Yes, there certainly is. The world wide web is composed of pages that are (mostly) hyperlinked together. Each page's links influences the other pages because it serves as a potential avenue for people to traverse the web. It also affects the search rankings of those web pages. Google's PageRank is a well-known algorithm used to rank pages based on how many links point to it and the reputation of the pages that host those links. These pages may never be visited, but their existence affects which other pages show up in searches on search engines like Google. I call these pages "dark pages".
|An illustration of the PageRank algorithm.|
Dark pages are like dark mass. They are rarely observed, if ever, but we can infer their existence based on their effect on the rest of the internet. They have "mass" in that they can push other pages to better rankings. They are attached to other websites with hyperlinks, and they contribute "mass" to these websites that make them seem more important to search engines.
Now that I've spent a paragraph awkwardly trying to force the dark matter/dark pages parallel, I'll give you some evidence of the existence of dark pages. When searching Google for "garage door repair johns creek", you will find a Digg article: http://digg.com/news/story/Garage_Door_Repair_Johns_Creek_GA. This is a dark page. Don't be fooled by the fact that it's on the Digg domain. It's been Digg'd only twice, probably by the author and one other person that the author knows. Few people have ever seen this article, and for good reason, too. It's just a link to a company website that no one on a Social Bookmarking website would care about. This page exists solely to shape the internet that is shown to you when using search engines and nothing more.
|A dark page linking to the website of an SEO firm's client.|
If you dig a little deeper and look at the profile page for the person who posted that Digg article, http://digg.com/millclar, you will only see two articles posted by him. Neither of which are the above article. I'm not sure if this is because Digg has some bugs in it or if the author removed it himself. I believe the author periodically removes posts from his accounts in order to hide the websites that he has spammed to Digg for improved rankings, but I have no proof of this.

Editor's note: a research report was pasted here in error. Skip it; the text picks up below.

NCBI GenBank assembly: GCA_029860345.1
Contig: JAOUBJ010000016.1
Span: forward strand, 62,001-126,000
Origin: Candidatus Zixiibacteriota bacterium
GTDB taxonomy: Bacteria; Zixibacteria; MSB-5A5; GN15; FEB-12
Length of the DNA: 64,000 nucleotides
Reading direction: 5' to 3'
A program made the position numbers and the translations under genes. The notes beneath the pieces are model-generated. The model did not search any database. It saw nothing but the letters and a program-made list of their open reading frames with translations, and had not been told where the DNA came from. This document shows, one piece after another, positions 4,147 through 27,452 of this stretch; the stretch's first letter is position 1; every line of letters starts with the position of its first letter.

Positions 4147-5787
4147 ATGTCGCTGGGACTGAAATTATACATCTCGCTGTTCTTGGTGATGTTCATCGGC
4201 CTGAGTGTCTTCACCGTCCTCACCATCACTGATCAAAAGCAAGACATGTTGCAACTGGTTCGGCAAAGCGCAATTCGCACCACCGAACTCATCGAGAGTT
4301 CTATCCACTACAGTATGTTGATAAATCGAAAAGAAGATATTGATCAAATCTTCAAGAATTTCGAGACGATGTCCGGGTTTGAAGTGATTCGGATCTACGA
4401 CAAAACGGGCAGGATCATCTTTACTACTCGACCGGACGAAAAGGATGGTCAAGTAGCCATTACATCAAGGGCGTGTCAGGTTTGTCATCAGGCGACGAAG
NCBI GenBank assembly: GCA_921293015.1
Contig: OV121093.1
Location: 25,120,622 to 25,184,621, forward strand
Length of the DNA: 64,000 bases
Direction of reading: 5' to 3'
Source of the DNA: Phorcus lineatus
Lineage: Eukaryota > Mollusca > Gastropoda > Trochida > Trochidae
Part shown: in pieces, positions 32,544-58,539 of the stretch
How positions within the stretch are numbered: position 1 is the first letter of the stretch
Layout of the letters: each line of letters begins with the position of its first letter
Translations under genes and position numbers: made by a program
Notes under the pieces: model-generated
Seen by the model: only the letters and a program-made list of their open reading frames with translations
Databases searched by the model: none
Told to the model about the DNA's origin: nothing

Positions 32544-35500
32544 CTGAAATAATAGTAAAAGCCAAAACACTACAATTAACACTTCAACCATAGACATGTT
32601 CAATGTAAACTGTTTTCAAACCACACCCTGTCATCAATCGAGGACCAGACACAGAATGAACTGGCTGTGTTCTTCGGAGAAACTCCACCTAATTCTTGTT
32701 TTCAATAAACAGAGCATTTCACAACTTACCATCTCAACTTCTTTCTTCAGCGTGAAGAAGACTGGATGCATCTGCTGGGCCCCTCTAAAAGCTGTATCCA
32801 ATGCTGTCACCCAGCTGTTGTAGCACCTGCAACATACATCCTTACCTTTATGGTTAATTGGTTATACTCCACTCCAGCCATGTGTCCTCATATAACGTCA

|Several dark page articles linking to more SEO clients.|
Searching deeper, I found the Digg poster's twitter page which has the username @cobbroof (http://twitter.com/#!/cobbroof). This twitter count is 100% spam and consists of nothing but retweets with links to websites that appear to be clients of Atlanta Web Pros (which I'm assuming is Millard Clark's employer.) Again, these tweets are not meant for people. The only people following this twitter account are other spam accounts and one Home Inspector that I can only assume is a former client of the SEO firm that Millard Clark works for. These tweets were made to be indexed by search engines to give rankings boosts to the clients of SEO firms.
|An entire twitter account dedicated to linking to SEO clients. A dark page that affects what web pages we see without ever beeing seen itself.|
It's a known fact the SEO firms don't always use the most ethical means of promoting their client's sites. That is not the point of this article. The point of this article is to enlighten you on the fact that the internet that is presented to you is only a very small part of the whole. The pages you see are presented to you because they were picked by an algorithm, and that algorithm is influenced by every page it scans. Although the portion of the internet you see every day is most familiar to you, its the hidden, dark pages of the internet that determine what content you see. In the end, it is the pages that you don't see that play the most important role in what you read in your web browser.